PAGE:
Royal Bank of Scotland's tentative plan for a cash call to trim the government's stake, potentially ahead of a move by rival Lloyds, was met with lukewarm enthusiasm on Monday, sending its shares sharply lower.

A source familiar with the matter said on Sunday RBS chief executive Stephen Hester was gauging investor appetite for a share issue of up to 4 billion pounds ($6.5 billion), as the bank seeks to limit the increase in state ownership after a government-backed insurance scheme for bad debts is agreed.

RBS, which left investors nursing losses after a record 12 billion pound rights issue last year, declined to comment.

Shareholders and analysts said they were surprised by the mooted move, which will do little to substantially alter the state's holding, currently standing at 70 percent.

But they said any step to take advantage of current market conditions would have to be swift -- if RBS is to act before any decision is made by Lloyds, which has said it is considering its own options around the insurance scheme, and before its own closed period begins next month, ahead of November earnings.

They certainly seem keen to do it. The rationale is that at some point an awful lot of these issues will come to the market and they are keen to make a start as early as possible, one top-25 RBS investor told Reuters.

The tricky thing is that they are saying it's only a few billion pounds -- but that's quite a lot and it doesn't change the cosmetics of things very much at all. It's a bit of an aggravation to be perfectly honest.

The investor said: It doesn't feel like the kind of thing to me that people are going to be thrilled about.

RBS shares accelerated their losses through the day after the news, and were down 6.8 percent at 52.5 pence at 1440 GMT.

Analysts said the bank could look to an accelerated book build, which would be swifter and easier than a traditional share issue and could allow it to sidestep a full prospectus, if it raises no more than 10 percent of issued share capital, or just over 3 billion pounds.

LIMITING WESTMINSTER'S HAND

The British government has so far injected 20 billion pounds of capital into RBS, taking a stake of around 70 percent.

That could rise, however, if the bank goes ahead with plans announced in February to participate in the government-backed Asset Protection Scheme (APS) to protect 325 billion pounds of assets. As part of that plan it will take a further 19.5 billion pounds government cash injection -- which includes a 6.5 billion pound fee -- in exchange for B, non-voting shares.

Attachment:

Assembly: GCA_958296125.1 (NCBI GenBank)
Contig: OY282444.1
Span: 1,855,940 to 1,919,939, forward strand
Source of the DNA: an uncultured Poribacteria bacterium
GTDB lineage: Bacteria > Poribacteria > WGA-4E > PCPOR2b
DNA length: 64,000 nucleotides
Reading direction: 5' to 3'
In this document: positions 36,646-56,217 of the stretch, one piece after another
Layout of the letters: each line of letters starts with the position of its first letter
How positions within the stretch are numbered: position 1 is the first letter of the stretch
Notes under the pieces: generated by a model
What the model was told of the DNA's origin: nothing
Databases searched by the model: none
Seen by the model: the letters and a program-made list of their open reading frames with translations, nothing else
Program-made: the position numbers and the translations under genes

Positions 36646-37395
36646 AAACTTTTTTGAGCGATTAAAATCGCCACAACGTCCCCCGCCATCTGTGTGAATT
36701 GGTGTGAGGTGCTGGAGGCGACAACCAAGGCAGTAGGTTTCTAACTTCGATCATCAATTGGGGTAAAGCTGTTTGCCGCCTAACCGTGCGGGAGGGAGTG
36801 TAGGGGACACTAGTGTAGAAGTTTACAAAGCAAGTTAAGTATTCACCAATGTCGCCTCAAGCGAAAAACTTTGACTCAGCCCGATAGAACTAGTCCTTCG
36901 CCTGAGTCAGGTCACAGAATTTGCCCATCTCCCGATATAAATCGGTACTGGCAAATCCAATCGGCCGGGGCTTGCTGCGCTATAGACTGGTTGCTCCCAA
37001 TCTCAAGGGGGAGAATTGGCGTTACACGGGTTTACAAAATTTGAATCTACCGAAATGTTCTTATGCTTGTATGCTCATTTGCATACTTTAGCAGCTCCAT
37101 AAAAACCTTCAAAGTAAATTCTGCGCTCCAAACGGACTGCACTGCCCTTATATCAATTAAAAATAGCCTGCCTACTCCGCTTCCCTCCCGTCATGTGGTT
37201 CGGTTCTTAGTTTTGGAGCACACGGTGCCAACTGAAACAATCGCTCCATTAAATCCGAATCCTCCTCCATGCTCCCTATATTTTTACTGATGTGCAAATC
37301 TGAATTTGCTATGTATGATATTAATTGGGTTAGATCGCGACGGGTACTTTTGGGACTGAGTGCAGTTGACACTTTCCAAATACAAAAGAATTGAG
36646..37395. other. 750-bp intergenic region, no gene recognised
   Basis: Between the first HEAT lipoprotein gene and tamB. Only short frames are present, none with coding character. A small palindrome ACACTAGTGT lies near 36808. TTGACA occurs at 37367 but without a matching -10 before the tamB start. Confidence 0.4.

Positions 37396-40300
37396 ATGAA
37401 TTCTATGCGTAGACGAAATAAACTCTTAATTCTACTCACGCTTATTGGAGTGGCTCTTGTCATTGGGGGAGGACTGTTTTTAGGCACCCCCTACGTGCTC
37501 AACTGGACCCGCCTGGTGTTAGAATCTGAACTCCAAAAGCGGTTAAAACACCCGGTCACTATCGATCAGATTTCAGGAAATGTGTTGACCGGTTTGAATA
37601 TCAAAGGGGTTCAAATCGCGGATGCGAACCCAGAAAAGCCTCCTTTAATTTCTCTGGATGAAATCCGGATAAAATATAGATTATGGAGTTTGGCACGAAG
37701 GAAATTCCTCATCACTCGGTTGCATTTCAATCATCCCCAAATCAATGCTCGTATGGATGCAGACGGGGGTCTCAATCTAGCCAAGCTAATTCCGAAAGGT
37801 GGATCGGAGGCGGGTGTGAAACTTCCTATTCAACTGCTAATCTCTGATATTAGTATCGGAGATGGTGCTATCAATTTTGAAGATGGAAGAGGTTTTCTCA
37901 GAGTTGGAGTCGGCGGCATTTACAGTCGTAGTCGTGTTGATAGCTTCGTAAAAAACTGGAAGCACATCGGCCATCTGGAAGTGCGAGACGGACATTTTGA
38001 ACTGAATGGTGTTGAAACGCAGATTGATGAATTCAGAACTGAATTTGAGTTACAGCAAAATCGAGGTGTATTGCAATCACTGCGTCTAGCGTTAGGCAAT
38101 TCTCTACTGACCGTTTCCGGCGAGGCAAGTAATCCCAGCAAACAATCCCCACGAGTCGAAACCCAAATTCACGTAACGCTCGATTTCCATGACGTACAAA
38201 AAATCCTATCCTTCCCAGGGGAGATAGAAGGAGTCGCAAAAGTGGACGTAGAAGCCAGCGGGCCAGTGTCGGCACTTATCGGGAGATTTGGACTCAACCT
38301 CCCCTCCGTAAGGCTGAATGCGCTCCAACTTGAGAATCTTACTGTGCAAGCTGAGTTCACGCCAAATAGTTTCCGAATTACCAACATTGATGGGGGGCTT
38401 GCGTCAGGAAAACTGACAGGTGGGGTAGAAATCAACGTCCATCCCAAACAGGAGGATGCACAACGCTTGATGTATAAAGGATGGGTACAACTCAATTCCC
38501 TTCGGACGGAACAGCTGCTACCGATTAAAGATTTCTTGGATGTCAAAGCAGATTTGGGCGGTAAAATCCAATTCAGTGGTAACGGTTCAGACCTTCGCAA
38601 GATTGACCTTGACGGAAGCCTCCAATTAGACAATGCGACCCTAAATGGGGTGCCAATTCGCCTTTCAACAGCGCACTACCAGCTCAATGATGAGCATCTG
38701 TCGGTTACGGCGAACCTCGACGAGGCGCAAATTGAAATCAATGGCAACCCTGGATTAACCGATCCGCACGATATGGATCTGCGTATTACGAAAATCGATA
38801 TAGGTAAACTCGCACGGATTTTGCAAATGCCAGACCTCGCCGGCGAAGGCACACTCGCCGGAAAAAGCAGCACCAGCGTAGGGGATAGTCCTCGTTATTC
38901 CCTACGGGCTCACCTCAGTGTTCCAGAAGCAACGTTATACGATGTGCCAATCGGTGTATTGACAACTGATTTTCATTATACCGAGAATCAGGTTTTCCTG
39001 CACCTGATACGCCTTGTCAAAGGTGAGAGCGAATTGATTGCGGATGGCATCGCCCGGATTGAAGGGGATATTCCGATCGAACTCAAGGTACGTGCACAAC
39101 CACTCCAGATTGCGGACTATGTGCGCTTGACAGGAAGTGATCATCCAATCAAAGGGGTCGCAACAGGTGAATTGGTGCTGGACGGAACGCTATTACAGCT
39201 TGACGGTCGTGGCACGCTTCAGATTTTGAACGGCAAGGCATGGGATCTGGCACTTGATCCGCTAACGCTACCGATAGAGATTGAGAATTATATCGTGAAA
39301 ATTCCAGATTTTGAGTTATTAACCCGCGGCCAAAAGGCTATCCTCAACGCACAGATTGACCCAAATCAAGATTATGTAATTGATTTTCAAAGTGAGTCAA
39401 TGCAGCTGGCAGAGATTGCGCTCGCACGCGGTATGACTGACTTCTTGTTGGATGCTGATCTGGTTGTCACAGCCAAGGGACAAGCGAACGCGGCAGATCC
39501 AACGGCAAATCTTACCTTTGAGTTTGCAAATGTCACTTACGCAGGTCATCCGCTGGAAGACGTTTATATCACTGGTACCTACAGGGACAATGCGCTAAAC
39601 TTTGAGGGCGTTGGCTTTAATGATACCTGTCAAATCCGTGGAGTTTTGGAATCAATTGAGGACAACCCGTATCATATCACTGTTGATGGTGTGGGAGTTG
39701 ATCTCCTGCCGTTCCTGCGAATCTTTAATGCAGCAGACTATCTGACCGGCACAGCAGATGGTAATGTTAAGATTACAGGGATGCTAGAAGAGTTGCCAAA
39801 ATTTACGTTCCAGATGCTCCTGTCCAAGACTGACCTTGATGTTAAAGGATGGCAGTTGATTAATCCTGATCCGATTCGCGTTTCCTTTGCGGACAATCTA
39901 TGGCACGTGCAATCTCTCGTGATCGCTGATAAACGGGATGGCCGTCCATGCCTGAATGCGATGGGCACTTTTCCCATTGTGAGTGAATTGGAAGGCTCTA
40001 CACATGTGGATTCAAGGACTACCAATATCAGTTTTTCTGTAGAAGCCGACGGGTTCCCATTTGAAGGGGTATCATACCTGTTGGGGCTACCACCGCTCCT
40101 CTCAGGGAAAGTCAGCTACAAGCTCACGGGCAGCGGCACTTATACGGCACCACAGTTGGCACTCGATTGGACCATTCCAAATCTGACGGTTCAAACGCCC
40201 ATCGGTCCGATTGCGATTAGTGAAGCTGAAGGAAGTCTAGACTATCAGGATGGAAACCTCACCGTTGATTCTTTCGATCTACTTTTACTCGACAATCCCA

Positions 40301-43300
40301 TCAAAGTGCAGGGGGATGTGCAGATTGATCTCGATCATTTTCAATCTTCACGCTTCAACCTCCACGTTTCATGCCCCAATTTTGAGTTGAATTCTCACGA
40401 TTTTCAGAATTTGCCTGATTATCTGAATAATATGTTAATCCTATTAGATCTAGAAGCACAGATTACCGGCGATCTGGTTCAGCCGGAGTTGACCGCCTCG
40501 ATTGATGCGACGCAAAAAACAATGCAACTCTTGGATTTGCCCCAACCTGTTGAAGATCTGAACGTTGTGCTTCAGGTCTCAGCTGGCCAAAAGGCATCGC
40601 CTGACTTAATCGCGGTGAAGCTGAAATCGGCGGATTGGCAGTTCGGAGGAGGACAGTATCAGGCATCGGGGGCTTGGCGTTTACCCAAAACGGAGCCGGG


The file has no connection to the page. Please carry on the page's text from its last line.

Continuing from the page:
Converting those extra shares would raise the government's stake in RBS to over 80 percent.

RBS's mooted cash call -- which is dwarfed by its own and HSBC's record share issues but is still sizeable at 4 billion pounds -- could limit that stake increase to just over 70 percent. But analysts questioned the use of the move.

Is 70 that different from 84? It is not going to keep the EU away, it not going to stop government control -- it does not seem like it will make a great deal of difference, analyst Simon Maughan at MG Global said. But Maughan said the bank could be responding to some investors eager to see demands on their purses staggered.

So far, there hasn't been any particular constraint on banks raising money on the market and a lot of issues have been oversubscribed or are clearly demanded. There is no evidence we have reached saturation point yet, he said. The sale of a 9 percent government stake in Swiss bank UBS earlier this year was well oversubscribed.

But there may be an acceptance among institutions that they will have to put money up, and ultimately it may be first come, first serve.

Lloyds last week confirmed after weeks of speculation that it may scale back or cancel its participation in the APS as a healthier economy improves the outlook for bad debts.

But RBS is not understood to be considering a full-scale exit. JP Morgan estimated in a note on Monday that RBS would need to raise up to 28.5 billion pounds to sidestep the APS.

Ultimately, shareholders said, it would come down to the final terms of any capital increase.

If the sums add up, in terms of it being less punitive and less dilutive and somewhat more earnings enhancing (than the current option),... then fine, we will look at it as much as we would for Lloyds, one top-15 investor told Reuters.

(Editing by David Cowell)

($1 = 0.6116 pound)